Embracing paradox is all about accepting that more than one thing can be true at the same time. This is essential for us to do within our teams, families, communities, and the world for a number of reasons.
Why is Embracing Paradox so Important?
So many aspects of life and work are paradoxical, especially these days. Paradox is something that I’ve always been fascinated by—the notion that more than one thing can be true, and often these truths can contradict one another.
We seem to be having a hard time—particularly right now—embracing paradox in our society, but in order to thrive, we must be able to do so.
The nature of paradox
Since the start of the pandemic, I’ve done hundreds of virtual events, but only within the past few months have I been doing in-person events again. When I started speaking at in-person meetings again, it was weird and awkward, but at the same time, exciting.
I have mixed feelings about being back out on the road again with the current state of the pandemic. I’m simultaneously feeling excited and grateful to be doing what I love and getting to be with people again, and I’m also feeling scared and uncomfortable about covid, being in groups, and away from home – which has been my routine for the past two years.
Paradox and polarization
Paradox isn’t a bad thing. In fact, it’s necessary for us to embrace personally and within our relationships and groups.
The opposite of paradox is polarization.
In relationships, if we don’t embrace paradox, we end up on opposite sides of discussions and debates, with one person taking one side and the other person feeling compelled to take the opposite position.
This same phenomenon exists within groups and society at large these days.
Protocols keep changing. Businesses are trying to figure out if they will come back to work fully, partially, or stay working from home completely.
Most people I’m talking to have paradoxical feelings about coming back to the office.
Some people never want to go back again, while others are desperate to get back as soon as possible.
For every company, there’s going to be some level of paradox. Not everyone will be happy. Some people will be upset, and some people won’t be able to adjust. It will constantly evolve.
Paradoxes are in every aspect of our lives
These days it’s really hard to make decisions about what’s safe for work, for our relationships, and for our families.
I can look at the last two years and say that I’ve never been closer to my family. And at the same time, it’s also never been more intense, challenging, and stressful in our house. How is it possible that both of those things are true at the same time?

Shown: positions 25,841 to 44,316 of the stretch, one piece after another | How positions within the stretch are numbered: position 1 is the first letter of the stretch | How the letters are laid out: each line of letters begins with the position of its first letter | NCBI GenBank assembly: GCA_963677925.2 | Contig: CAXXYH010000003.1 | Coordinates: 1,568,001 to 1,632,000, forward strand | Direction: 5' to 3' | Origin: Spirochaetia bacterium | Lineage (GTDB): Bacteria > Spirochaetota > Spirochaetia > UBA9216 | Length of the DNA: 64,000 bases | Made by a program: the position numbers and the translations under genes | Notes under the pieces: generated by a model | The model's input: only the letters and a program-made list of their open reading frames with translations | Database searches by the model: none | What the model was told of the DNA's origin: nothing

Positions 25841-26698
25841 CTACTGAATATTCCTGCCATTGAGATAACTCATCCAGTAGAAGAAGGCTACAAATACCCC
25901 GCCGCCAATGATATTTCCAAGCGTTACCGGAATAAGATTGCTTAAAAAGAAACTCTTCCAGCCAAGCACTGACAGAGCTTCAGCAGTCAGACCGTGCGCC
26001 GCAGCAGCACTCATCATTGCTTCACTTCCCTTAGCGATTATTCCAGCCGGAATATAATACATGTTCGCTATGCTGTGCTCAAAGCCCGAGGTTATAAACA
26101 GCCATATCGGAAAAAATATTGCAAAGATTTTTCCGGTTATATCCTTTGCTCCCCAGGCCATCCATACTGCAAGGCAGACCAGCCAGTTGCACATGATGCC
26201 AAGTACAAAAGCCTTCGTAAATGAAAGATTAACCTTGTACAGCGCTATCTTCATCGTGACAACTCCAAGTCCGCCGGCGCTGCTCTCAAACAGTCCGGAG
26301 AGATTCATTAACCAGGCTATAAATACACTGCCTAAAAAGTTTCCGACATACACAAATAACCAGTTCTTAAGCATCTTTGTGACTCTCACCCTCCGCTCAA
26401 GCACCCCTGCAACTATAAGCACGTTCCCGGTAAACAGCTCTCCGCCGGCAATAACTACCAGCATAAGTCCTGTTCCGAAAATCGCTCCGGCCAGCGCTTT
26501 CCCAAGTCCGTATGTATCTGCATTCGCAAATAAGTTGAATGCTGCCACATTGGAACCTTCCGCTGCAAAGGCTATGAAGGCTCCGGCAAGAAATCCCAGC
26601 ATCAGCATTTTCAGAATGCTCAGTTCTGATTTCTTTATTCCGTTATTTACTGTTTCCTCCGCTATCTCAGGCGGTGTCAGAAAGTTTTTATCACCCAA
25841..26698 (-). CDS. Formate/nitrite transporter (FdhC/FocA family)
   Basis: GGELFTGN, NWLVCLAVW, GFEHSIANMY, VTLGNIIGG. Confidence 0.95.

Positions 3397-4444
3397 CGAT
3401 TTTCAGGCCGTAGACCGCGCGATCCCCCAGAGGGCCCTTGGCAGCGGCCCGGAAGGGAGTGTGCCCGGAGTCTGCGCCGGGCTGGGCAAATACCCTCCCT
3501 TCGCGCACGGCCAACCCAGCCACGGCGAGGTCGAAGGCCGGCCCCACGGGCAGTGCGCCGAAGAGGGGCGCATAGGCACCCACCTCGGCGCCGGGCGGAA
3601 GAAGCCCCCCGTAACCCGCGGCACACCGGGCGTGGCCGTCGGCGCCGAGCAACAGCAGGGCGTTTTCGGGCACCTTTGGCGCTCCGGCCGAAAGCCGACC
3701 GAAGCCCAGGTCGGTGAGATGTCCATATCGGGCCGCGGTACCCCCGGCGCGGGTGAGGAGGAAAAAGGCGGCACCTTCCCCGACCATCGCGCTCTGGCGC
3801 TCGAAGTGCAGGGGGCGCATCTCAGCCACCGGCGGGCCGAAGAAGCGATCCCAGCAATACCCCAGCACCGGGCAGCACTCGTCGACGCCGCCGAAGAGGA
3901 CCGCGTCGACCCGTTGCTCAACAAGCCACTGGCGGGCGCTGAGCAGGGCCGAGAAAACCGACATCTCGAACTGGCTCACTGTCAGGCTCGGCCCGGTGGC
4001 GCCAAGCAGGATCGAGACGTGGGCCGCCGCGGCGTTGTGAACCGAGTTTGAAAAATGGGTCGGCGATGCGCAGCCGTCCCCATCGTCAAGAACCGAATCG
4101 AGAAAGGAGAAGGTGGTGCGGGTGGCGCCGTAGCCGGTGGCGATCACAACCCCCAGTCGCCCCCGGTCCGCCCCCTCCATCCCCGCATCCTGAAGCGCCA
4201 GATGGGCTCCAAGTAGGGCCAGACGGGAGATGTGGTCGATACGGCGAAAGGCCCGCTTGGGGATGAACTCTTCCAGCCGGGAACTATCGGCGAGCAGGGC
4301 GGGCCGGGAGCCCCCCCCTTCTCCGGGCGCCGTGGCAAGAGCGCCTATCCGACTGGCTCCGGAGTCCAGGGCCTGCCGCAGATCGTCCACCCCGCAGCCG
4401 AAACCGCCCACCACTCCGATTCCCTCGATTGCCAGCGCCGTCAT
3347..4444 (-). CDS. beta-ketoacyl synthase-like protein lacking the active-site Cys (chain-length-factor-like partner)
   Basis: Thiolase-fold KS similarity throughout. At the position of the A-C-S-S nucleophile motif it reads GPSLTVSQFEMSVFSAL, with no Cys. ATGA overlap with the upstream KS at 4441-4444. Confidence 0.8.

Maybe you can relate to this same paradox or others like it?
Embracing paradox through life and death
Life can be so brutal, yet so beautiful at the same time. My friend and colleague Glennon Doyle calls this “brutiful,” which is the epitome of paradox.
Think about the powerful realizations and perspective shifts that come around death and loss. When someone we love dies, we get a new perspective. It wakes us up to who and what matters most to us.
Death, to me, is one of the ultimate paradoxes of life. The sadness, loss, pain, and grief can be so intense, scary, confusing and anger-producing.
But paradoxically, it can also be life-altering and beautiful. Grief is often filled with love, gratitude, connection, depth, and authenticity.
Think about the paradoxes in your life
You may love going to the gym, eating healthy, and meditating, but you may also love watching Netflix in bed, eating ice cream, and sleeping late.
One of the biggest challenges we face in our culture today is the inability to embrace paradoxes.
There are many things we can look at at a much deeper level and try to understand and make peace with.
Multiple things being true at the same time can be tricky and uncomfortable for our brains to deal with. We want things to be certain, especially when living in such uncertain times.
But when we are unable to embrace paradox, it becomes dangerous. It turns into us vs. them—right vs. wrong.
We have to start understanding that life exists in the messy middle, in the paradox of it all.
Embracing Paradox Brings Us Together
Right now, things are incredibly intense. What’s necessary for us as human beings, leaders, parents, and friends is to embrace the paradox of life and realize there is no “them,” it’s all “us.”
Think about how this relates to your life, team, or family. Where can you bring forth some awareness and acceptance of the paradoxes in your life? Share your thoughts in the comments below.
The best way to embody that we’re all in this together is to embrace the paradox.
I have written five books about the importance of trust, authenticity, appreciation, and more. In addition, I deliver keynotes and seminars (both in-person and virtually) to empower people, leaders, and teams to grow, connect, and perform their best. Finally, as an expert in teamwork, leadership, and emotional intelligence, I teach techniques that allow people and organizations to be more authentic and effective. Find out more about how I can help you and your team achieve your goals today. You can also listen to my podcast here.
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